Traffic deaths can occur for many reasons, such as driving under the influence (DUI). Even when alcohol isn't involved, speeding and recklessness kills. According to the South Carolina Highway Patrol, we have had 250 fatal crashes this year; by this time last year, South Carolina had 332 fatal crashes. That's 82 fewer deaths, which is good news – except given the shutdown order, those numbers should be significantly lower.
According to Master Trooper Brian Lee, the sad fact is that with roadways seeing less traffic, it gives those who are still driving the room to speed to their destinations. Speeding makes it much more difficult to maneuver when there's an obstacle in your lane, which is leading to traffic deaths. It's a conundrum to think that traffic appears to save lives.
Drag racing isn't just for movies
Another speeding-related problem is occurring on our streets: drag racing. While this is a recurring problem, Covid-19 has thinned out traffic making the streets even more accessible to illegal racing, especially after dark. Drag racing is popular among younger males, which means the age group most likely to experience injury or death – or arrests – while engaging in this activity are those between the ages of 16 to 24.
On May 11, a 26 year old Blythewood resident died following reports of a drag race in the 12th Street Extension located in West Columbia. Police gave chase intending to apprehend and arrest the racers when the young man sped off, losing control of his vehicle and crashing into some trees, reportedly dying at the scene.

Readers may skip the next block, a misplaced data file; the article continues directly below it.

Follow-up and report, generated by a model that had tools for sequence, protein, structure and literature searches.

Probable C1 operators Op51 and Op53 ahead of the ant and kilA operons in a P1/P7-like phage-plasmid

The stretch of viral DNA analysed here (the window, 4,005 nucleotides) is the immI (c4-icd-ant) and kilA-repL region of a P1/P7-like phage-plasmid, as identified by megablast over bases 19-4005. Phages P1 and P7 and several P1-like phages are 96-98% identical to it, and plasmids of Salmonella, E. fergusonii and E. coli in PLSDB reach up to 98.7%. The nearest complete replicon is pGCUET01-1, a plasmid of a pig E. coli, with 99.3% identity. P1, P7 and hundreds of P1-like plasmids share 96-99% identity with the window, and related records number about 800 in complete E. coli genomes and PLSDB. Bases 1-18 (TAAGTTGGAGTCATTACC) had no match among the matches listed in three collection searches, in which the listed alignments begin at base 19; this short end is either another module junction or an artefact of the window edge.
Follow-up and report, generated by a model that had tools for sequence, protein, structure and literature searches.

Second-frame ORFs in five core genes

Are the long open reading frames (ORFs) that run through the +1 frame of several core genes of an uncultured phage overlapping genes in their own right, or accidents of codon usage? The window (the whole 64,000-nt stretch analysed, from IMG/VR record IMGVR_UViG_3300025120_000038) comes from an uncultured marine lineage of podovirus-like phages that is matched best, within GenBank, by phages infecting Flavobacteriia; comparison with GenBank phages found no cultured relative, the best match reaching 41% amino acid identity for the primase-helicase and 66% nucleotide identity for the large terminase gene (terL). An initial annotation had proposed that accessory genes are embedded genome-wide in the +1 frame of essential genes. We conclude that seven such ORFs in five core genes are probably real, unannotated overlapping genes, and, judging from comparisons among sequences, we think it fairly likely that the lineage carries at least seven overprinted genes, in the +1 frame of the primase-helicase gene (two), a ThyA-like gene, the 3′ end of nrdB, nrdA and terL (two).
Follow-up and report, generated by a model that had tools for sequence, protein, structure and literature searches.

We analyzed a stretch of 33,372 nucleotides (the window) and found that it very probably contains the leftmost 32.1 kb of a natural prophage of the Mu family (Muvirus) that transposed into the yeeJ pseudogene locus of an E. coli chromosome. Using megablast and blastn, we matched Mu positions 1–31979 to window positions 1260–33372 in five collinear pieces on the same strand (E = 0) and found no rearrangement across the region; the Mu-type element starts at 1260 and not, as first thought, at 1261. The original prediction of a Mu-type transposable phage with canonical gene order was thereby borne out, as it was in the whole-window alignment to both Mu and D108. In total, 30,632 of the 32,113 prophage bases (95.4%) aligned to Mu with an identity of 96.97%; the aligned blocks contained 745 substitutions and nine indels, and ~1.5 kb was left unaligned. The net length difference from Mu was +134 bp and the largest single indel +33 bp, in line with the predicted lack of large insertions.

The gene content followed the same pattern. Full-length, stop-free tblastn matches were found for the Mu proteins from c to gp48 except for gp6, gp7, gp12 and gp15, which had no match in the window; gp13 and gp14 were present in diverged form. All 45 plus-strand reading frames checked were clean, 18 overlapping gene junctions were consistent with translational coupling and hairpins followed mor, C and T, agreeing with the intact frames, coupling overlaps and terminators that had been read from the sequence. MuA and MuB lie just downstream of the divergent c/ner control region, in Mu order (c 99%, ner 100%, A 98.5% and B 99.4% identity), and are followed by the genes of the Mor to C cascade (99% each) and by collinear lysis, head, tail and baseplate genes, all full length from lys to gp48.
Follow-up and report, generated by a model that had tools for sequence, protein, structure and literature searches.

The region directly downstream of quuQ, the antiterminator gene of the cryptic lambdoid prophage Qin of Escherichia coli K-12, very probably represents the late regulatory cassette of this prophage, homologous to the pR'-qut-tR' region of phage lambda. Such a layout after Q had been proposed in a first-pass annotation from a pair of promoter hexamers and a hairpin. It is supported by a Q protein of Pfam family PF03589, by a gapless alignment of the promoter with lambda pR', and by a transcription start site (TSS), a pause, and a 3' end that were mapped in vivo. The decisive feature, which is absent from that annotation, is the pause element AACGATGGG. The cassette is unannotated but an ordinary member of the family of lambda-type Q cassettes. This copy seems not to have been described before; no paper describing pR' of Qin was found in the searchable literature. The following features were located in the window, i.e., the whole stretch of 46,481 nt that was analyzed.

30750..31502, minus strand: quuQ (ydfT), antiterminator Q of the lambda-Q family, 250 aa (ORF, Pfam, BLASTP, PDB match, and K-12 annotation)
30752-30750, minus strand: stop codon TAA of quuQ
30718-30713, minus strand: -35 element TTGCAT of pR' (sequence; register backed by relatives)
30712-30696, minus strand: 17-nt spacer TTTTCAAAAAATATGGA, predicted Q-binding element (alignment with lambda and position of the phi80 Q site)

Racing on public roads is illegal in South Carolina
Even when the roads are wide open, it's still illegal to speed, and it's still illegal to race. Under SC Code § 56-5-1590 (2019):
It shall be unlawful to engage in a motor vehicle race or contest for speed on any public road, street or highway in this State or to aid, abet or assist in any manner whatsoever in any such race or contest. Altering, changing, tampering with or “souping up” a motor vehicle for the purpose of racing or speeding on any public road, street or highway in this State shall be considered as aiding, abetting or assisting….
If you are convicted of racing you face fines of $200 to $600, and/or imprisonment for two to six months. You can also have your license revoked for a year. If you are charged with assisting in racing, you could lose your license and your registration for up to three months, and face up to $100 in fines and/or 30 days in jail.
At Holland Law, LLC, we want everyone to be safe out on the roads for not only yourself, but for those around you. If you are facing serious consequences from a traffic violation, Tom Holland is the criminal defense attorney you want on your side. Contact the firm in Fort Mill or Rock Hill by calling 803-219-2630, or through our contact page.